Zambezi Mana Canoe Trail
After being collected by your guide you are driven to the first nights camp, a distance of approximately 30km. This is a leisurely game drive through the spectacular Mana Pools floodplain. The vehicles are open Toyota Land Cruisers with tiered seats and good all round views. This area has some of the highest concentrations of wildlife in Zimbabwe and the drive through is usually very productive, enabling your guide to give you an overview of the various animals, birds and plants that make up this unique floodplain habitat.
On arrival at “Vundu”, the first camp, you will be met with the welcome smiles of our support staff and a lunch of cold meats, a variety of salads and freshly baked breads.
After a refreshing lunch break you will be taken on a short drive to the launch spot near the confluence of the Ruckomechi and Zambezi Rivers where the professional canoe and walking guides give a full safety briefing include pointing out where all the equipment is kept, such as radio and first aid kits, as well as explaining what to do in the case of an emergency. The briefing will also run through the basic ideas of steering and controlling the Canadian style 18 ft canoes. After the briefing, depart in the canoes downstream to Vundu.
This is a slow paddle allowing time to become used to the canoes and the different steering techniques. You should also start to see some of the multitude of animals and birds that are attracted to the water’s edge. Hippo, buffalo, elephant and crocodile as well as a variety of antelope species may be seen.
Arrival at camp is around sunset. The camp is fully prepared and you will be able to sit back and relax with sundowners and snacks – tea and coffee and hot showers are also available. A campfire is already burning and this is invariably where guests will gather to discuss the day’s events and plan for the morning. In the background your support staff and resident chef are busy preparing a three-course dinner for you.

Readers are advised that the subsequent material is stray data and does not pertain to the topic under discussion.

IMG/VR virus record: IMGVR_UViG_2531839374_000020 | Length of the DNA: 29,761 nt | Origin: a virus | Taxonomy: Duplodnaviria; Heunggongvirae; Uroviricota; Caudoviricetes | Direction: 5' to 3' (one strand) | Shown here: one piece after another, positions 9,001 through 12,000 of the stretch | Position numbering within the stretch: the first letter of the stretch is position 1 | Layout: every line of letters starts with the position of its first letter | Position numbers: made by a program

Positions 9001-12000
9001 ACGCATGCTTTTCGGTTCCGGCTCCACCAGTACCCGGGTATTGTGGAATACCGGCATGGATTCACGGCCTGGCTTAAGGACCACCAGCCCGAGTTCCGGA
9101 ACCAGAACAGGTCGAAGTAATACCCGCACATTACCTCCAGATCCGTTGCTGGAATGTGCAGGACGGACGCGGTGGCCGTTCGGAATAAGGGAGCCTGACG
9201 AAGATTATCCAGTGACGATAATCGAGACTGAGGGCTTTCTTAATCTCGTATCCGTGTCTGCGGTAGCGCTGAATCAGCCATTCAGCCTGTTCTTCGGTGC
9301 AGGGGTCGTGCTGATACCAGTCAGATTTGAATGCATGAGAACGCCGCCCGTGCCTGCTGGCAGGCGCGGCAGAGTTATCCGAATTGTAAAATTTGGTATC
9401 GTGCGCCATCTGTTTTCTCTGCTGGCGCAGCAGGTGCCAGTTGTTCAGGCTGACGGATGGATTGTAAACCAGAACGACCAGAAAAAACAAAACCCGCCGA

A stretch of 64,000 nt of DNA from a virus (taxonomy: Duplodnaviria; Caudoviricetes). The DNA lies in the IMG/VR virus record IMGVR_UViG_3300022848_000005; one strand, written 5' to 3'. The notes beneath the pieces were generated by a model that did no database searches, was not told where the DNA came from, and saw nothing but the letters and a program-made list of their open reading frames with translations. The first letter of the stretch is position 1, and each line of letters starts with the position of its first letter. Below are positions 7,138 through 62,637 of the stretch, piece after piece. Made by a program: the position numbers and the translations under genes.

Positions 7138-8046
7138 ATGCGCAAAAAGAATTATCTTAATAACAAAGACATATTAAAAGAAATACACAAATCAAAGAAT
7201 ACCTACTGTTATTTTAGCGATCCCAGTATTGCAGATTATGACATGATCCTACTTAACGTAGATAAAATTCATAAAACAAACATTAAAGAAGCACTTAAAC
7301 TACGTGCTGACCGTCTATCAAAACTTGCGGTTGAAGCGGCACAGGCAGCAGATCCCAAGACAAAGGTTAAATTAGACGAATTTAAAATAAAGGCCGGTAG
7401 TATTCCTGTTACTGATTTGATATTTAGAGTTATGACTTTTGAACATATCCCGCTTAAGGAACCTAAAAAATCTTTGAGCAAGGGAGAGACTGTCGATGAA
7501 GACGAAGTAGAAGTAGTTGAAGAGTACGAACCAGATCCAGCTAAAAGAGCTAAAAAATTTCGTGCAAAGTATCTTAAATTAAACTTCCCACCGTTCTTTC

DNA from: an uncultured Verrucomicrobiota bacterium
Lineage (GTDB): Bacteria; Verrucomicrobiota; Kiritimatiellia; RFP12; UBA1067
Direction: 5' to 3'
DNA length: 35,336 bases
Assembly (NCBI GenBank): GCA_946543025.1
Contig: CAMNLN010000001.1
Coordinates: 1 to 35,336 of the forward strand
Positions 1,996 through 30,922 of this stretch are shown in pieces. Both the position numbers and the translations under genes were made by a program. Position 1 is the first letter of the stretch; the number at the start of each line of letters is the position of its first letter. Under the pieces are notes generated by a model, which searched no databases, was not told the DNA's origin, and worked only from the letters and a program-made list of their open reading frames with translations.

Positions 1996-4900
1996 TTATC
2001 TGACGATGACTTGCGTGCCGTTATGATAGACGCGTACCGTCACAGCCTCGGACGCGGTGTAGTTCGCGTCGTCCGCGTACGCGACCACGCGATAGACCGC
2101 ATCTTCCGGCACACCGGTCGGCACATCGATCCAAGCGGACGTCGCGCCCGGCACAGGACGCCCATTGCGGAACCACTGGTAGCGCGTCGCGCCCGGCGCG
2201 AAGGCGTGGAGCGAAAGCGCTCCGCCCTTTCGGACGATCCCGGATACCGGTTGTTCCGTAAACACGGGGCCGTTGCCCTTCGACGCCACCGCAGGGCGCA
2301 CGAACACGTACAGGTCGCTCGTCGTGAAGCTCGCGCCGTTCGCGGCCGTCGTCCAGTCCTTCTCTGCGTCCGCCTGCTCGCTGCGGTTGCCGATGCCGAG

Overnight Camp Vundu
An early wake up, just as the dawn breaks. Hot water is placed in raised basins outside each tent, while tea, coffee, muffins or home made biscuits are already waiting by the campfire. While everyone gets their personal kit together the support staff loads the canoes with everything that will be needed for the day. You need only worry about a small daypack carrying the essentials such as sun block, camera and spare film, hat and binoculars. A large dry bag per canoe is provided.
The aim is to be in the canoes and on the water in time to watch the sunrise. This is one of the most magical times of the day and you will be enchanted as you drift along quietly, listening to the sounds of the African bush wakening to a new day.
Paddle for a couple of hours before stopping the canoes to breakfast under a grove of acacia trees. After breakfast set off on a walk into the floodplains and surrounding woodlands. This is a great time to try and catch some of the predators before they hide up for the day. You may even be lucky enough to spot one or more of the diurnal animals making their way down to the river.
This walk offers an opportunity, not only for game viewing, but also a chance for you to explore some of the smaller more interesting aspects of the environment. You will spot a variety of animal spoors, and may even find yourselves engrossed in tracking down a particular species. You will be fascinated by strange insects and spiders as your guides share a wealth of knowledge about this miniature world that forms such an integral part of the bush. You will listen to the sound of the many brightly colored birds and marvel at the beauty and tranquility of this unique area.
Returning to the canoes you head downstream to an area renowned for its huge, old elephant bulls. Your guides try to time the trips to catch them swimming or wading out to the grass islands, where you will be able to glide quietly alongside these awesome giants. Their age makes them so placid they tend to ignore the canoes. Lunch break coincides with the heat of the day.